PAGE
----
In developing these themes the book dsiplays significant problems with its argumentation, its structure and its style. Together, I believe, these undermine its ability to do any more than pleasantly indulge already-committed environmentalists with muddy, half-baked thinking.
Abram develops fascinating ideas in probing the inner perspectives of cultures that have not lost their connection with nature. It was intriguing to get the beginnings of an understanding of what it might feel like to have such a different relationship with a homeland that one could almost read it, and how bereft one would be to move away from it. The connection with the development of writing is also imaginative and up to a point convincing. However, Abram is unfortunately distinctly weak at explicating subtle concepts and expressing nuances of feeling to the reader. Time and again I felt I half-grasped something that the author was muddily presenting through confused, slippery arguments. Time and again I was just not quite convinced, and just when a little more clarity was needed to help me comprehend, the author slpipped into poetic musings, seemingly abdicating explanation. The concepts of phenomonology in particular are extremely difficult. Abram is highly original in their application, but needs to be less vague.
The structural problem is the massive focus on the argument about the effect of writing on our perception of nature. This dominates the book in a way that ultimately cuts it off from its own context - i.e. may leave the reader asking 'so what?'. The context is mostly provided by a short and wholly inadequate final chapter which glosses discussion of consequences and implications. The argument about writing is also so long that it absolutely needs greater rigour and clarity, and willingness to address obvious counterarguments, to avoid being at times dull, repetitive and meandering.
Abram suggests towards the end that he doesn't want the book to be judged in terms of conventional rational argument, but rather as a story that can help us make sense of the world. I don't find this convincing. It is perfectly reasonable to question the limits of traditional rationality and critique its contribution to political and environmental problems. And it is great to present ideas in an imaginative, creative way rather than as academic philosophy. But in the case of this book it just doesn't add up: the lengthy invocation of writers such as Husserl and Merleau-Ponty left me feeling that I was undoubtedly being offered some kind of logical theoretical argument - but simply an unconvincing one. Rather than unifying theory and thought with the poetic, as many thinkers have done over the centuries, Abram sets them side-by-side in an awkward, jarring alternation. The poetic elements therefore feel like a stylistic indulgence added to soften the reading experience, to emotionally attune the reader and render them less critical of the flaws of the rest of the text.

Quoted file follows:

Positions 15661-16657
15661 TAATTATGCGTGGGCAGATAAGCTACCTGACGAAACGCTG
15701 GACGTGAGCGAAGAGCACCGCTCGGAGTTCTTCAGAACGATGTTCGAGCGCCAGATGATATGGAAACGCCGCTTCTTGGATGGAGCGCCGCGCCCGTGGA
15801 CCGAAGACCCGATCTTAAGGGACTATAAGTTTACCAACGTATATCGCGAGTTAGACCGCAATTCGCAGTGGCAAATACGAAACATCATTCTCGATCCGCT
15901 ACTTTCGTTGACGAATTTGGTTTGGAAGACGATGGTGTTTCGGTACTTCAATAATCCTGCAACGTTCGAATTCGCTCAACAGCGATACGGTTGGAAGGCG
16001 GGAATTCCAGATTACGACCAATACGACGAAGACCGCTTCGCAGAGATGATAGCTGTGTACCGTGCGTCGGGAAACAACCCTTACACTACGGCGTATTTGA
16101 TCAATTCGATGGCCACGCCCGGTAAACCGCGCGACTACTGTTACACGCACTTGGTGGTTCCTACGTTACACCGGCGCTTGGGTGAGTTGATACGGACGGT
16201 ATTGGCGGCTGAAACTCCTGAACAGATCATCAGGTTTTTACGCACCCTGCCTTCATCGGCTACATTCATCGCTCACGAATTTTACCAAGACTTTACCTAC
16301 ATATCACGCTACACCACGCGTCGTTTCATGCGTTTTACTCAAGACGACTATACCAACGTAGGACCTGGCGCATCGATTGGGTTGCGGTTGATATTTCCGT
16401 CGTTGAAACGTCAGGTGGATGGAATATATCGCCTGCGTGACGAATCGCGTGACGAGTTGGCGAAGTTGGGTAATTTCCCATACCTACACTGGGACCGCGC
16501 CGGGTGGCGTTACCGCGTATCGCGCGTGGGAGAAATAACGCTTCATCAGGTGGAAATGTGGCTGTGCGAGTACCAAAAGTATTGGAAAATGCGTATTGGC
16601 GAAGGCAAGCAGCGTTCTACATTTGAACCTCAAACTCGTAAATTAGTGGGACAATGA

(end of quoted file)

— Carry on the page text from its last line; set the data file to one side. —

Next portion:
Having said all that, I found considerable value in this book for the gems of originality in Abram's ideas, despite it being frustrating and labourious to read. And I also have an admiration for its audacity and ambition.
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VINE VOICEon 30 September 2011
I found this an extraordinary book; I would suggest that if you want to find books with the same sensibility (but very different otherwise) you might be looking at Hermann Hesse's Steppenwolf, Jung on archetypes and alchemy, the poetry of Keats and Coleridge, Novalis and Goethe, but this is an autobiographical account of his mystical-scientific experiences of the elemental presence of nature, of the movement of ants in a dance with the observer, of inhabiting the quality of wind and water.

For those interested, the philosopher Rudolf Steiner gave a lecture early in the 20th century in which he described the 12 philosophical worldviews (see Human and Cosmic Thinking), pointing out how each was seen by its proponents is the one and only way of knowing reality when in fact full understanding requires all of them. During this he specifically describes a mode of experience, which he calls gnostic sensationalism, the ability to experience through the senses the deepest essential truths of nature and the world, and I've never found a more perfect example.